Types of fostering

There are lots of different reasons why children and young people come into care. To reflect this, we offer a range of different fostering schemes.  

You may already have some idea of the kinds of fostering you’d like to consider, but we will talk you through the available types and those which might suit you best during your enquiry. It’s important to remember, you can be assessed to provide more than one kind of foster care.  

Once assessed and approved, we’ll try and match the right child to your approval category.  

Respite fostering 

Some foster carers are approved to take children for shorter periods of time such as weekends or school holidays to provide permanent foster carers cover when they need time away from their foster carer duties.  

Many people prefer to foster on this arrangement initially as it allows them to balance work or prior family commitments and gives them a feel for the realities of fostering before making a further commitment.    

Short-term fostering 

Short-term foster carers can look after a child or sibling group between the ages of 0-18. There is no determined amount of time, but it will be for as long as necessary while the long-term plan for that child or young person is being decided.  

A long-term plan for that child might be reunification home with their birth family, adoption or long-term foster care. 

Long-term fostering 

Long-term foster carers provide a home to children until they reach adulthood. This could be 18 or, if the child and carer are happy to continue, this might become a ‘staying put’ arrangement until that child is 21 or 25 if they choose to go to university.  

This can be a long-term solution for children who cannot return home and for whom adoption is not suitable. 

Emergency fostering 

Children can be taken into care in an emergency and during this time we need safe homes to shelter them while we make longer term plans for their care.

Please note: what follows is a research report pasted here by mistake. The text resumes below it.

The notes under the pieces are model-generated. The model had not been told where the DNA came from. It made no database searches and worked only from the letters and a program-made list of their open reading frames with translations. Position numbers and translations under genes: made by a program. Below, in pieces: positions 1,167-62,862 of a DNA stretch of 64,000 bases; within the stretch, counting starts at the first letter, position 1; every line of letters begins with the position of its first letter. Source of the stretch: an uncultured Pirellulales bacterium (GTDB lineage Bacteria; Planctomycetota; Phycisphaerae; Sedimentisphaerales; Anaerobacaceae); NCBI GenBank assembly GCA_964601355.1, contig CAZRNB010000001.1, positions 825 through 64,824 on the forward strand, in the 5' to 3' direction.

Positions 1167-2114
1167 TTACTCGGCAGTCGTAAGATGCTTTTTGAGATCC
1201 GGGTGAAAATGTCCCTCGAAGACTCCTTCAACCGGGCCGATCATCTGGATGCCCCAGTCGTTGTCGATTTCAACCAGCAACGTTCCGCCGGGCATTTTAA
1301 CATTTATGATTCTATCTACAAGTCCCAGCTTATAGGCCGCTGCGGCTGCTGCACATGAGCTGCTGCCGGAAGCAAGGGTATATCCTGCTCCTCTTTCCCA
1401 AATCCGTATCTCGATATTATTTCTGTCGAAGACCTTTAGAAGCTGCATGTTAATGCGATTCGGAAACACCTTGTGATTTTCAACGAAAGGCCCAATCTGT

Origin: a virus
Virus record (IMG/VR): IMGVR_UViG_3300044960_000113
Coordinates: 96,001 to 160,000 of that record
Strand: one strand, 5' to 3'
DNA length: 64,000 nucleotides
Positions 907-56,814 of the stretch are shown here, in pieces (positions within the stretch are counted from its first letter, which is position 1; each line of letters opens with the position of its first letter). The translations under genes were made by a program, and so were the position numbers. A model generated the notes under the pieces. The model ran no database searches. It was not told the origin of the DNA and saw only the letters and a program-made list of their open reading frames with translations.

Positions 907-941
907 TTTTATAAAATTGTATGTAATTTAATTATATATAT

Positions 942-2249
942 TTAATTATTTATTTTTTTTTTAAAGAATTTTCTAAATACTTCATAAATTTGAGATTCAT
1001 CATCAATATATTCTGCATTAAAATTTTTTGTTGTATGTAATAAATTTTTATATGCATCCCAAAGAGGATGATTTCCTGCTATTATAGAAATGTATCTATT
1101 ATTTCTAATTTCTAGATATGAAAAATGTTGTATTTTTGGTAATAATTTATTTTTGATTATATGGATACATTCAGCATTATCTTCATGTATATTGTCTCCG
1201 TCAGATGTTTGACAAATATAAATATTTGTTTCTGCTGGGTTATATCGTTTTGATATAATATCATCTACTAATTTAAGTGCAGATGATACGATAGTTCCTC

To ensure we have enough availability as a local authority, we have devised a specialist scheme for this kind of fostering which has enhanced fees and a retainer. The expectations of a foster carer on this emergency scheme are significant. A carer is expected to accept a child no matter their age or background on an emergency and temporary basis. They need to have consistent and regular availability and understand they may be called on any time of the day or night to provide accommodation.  

Children and young people seeking sanctuary 

As a City of Sanctuary, Newcastle is committed to caring for children who may have travelled from abroad unaccompanied by an adult or any family relation.  

Fostering a child seeking asylum or refugee requires the same level of understanding and commitment required for any fostered child but with the understanding there will be additional barriers such as language, lack of background information and identification.  

In Newcastle, we are running a specialist pilot designed to assess and find the right kind of accommodation for young people who have journeyed from overseas. Call us directly for more information: 0191 277 2430 

Build a Future fostering 

Build a Future is a specialist fostering scheme. It is aimed at supporting young people who are currently living in residential homes (children’s homes) or who are complex adolescents on the cusp of requiring residential services. Build a Future carers support these young people by providing them with a therapeutic environment to grow.